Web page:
Assessment of the safety of feminine hygiene products
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News of 19/07/2018
Today ANSES is publishing its health risk assessment on the safety of feminine hygiene products. Chemicals have been identified in these products at very low concentrations not exceeding health thresholds. The expert appraisal did not reveal any risk associated with these substances. Nevertheless, the Agency recommends that manufacturers improve the quality of these products in order to eliminate or minimise the presence of chemicals. ANSES’s expert appraisal also examined the risk of menstrual toxic shock syndrome (TSS). Its work showed that the risk of developing this disease, caused by a bacterial toxin, is related to the conditions of use of the feminine hygiene products. ANSES therefore reminds users of the importance of complying with the hygiene rules associated with the use of feminine hygiene products, particularly the length of time that tampons and menstrual cups can be worn.
ANSES was asked by the Ministries of Health and the Economy to assess the safety of feminine hygiene products (tampons, sanitary towels, panty liners and menstrual cups). The expert appraisal consisted in identifying the regulated or non-regulated chemicals of concern liable to be present in these hygiene products, and then assessing the associated health risks. The expert appraisal also focused on an analysis of the microbiological risk associated with menstrual toxic shock syndrome (TSS).
Improve the manufacture of feminine hygiene products to reduce the presence of chemical substances
Laboratory tests revealed the presence of various chemicals at very low concentrations not exceeding health thresholds. ANSES did not find any risk associated with the presence of these substances, most of which seem to come from contamination of raw materials or manufacturing processes.
ANSES therefore recommends that manufacturers improve the quality of their raw materials and revise certain manufacturing processes in order to eliminate or reduce the presence of these substances as far as possible, particularly those with "carcinogenic, mutagenic or reprotoxic" (CMR), endocrine-disrupting or skin sensitising effects.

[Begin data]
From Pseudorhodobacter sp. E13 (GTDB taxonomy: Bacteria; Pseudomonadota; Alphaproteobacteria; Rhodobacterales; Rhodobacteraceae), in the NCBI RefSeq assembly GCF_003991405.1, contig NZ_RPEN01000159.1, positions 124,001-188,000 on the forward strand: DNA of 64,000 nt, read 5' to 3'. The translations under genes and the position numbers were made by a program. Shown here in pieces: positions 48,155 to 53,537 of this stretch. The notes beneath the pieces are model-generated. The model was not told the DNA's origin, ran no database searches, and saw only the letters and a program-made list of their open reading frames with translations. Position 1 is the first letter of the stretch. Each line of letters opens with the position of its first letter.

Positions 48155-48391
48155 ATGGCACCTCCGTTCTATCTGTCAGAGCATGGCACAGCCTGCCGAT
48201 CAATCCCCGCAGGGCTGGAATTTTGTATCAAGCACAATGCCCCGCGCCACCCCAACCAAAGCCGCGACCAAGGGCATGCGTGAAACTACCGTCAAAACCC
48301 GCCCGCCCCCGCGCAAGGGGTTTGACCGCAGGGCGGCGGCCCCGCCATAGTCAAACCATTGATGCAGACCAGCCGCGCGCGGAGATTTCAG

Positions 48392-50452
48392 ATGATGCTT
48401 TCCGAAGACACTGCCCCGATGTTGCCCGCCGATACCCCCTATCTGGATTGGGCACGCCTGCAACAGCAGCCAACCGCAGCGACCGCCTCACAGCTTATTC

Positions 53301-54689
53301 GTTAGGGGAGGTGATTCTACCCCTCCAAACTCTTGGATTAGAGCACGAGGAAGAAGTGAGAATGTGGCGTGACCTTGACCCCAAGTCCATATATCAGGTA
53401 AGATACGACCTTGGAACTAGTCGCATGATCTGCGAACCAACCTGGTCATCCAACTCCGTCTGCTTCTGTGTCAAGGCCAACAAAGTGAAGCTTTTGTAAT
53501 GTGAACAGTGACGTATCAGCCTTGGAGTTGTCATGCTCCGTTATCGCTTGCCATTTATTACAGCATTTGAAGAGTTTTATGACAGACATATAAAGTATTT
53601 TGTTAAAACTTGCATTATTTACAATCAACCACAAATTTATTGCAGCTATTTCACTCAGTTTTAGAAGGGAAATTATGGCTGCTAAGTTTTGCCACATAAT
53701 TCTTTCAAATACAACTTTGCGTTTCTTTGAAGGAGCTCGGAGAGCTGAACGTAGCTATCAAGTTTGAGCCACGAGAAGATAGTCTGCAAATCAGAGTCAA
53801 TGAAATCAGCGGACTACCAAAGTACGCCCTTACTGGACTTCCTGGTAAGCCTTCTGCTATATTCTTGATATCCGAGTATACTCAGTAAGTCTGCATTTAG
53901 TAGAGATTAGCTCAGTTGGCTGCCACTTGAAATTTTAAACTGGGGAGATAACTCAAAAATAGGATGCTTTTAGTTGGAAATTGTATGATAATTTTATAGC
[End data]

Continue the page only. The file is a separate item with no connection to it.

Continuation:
Furthermore, there are no specific regulations governing the composition, manufacture or use of feminine hygiene products. ANSES recommends establishing a more restrictive regulatory framework at European level to limit the presence of these chemicals and is supporting a project to restrict CMR substances in feminine hygiene products within the framework of the REACh Regulation.
Menstrual toxic shock syndrome: rare but potentially serious
Menstrual TSS is the main microbiological risk associated with the use of internal feminine hygiene products (tampons and menstrual cups). The bacterial toxin TSST-1 produced by Staphylococcus aureus can cause menstrual TSS, which although rare can have serious complications.
The expert appraisal showed that the risk of developing menstrual TSS increases with prolonged use of internal feminine hygiene products and/or use of internal feminine hygiene products with a higher than necessary absorption capacity.It should be noted that external feminine hygiene products (towels, panty liners) have never been involved in cases of menstrual TSS.
ANSES therefore recommends that health professionals and women be better informed about this disease and its symptoms. It further recommends that all manufacturers clearly indicate this risk on the packaging and instructions for use of internal feminine hygiene products.
In order to limit the risk of menstrual TSS, ANSES reminds women of the need to follow each product’s specific recommendations for use, particularly concerning the length of time that tampons and cups can be worn. They are also recommended to use a tampon only during menstruation and to choose one with an absorbency that suits their menstrual flow, in order to ensure that it is changed regularly.
More generally, ANSES reiterates the importance of respecting basic hygiene rules concerning the use of feminine hygiene products, and in particular the importance of washing hands before and after changing them.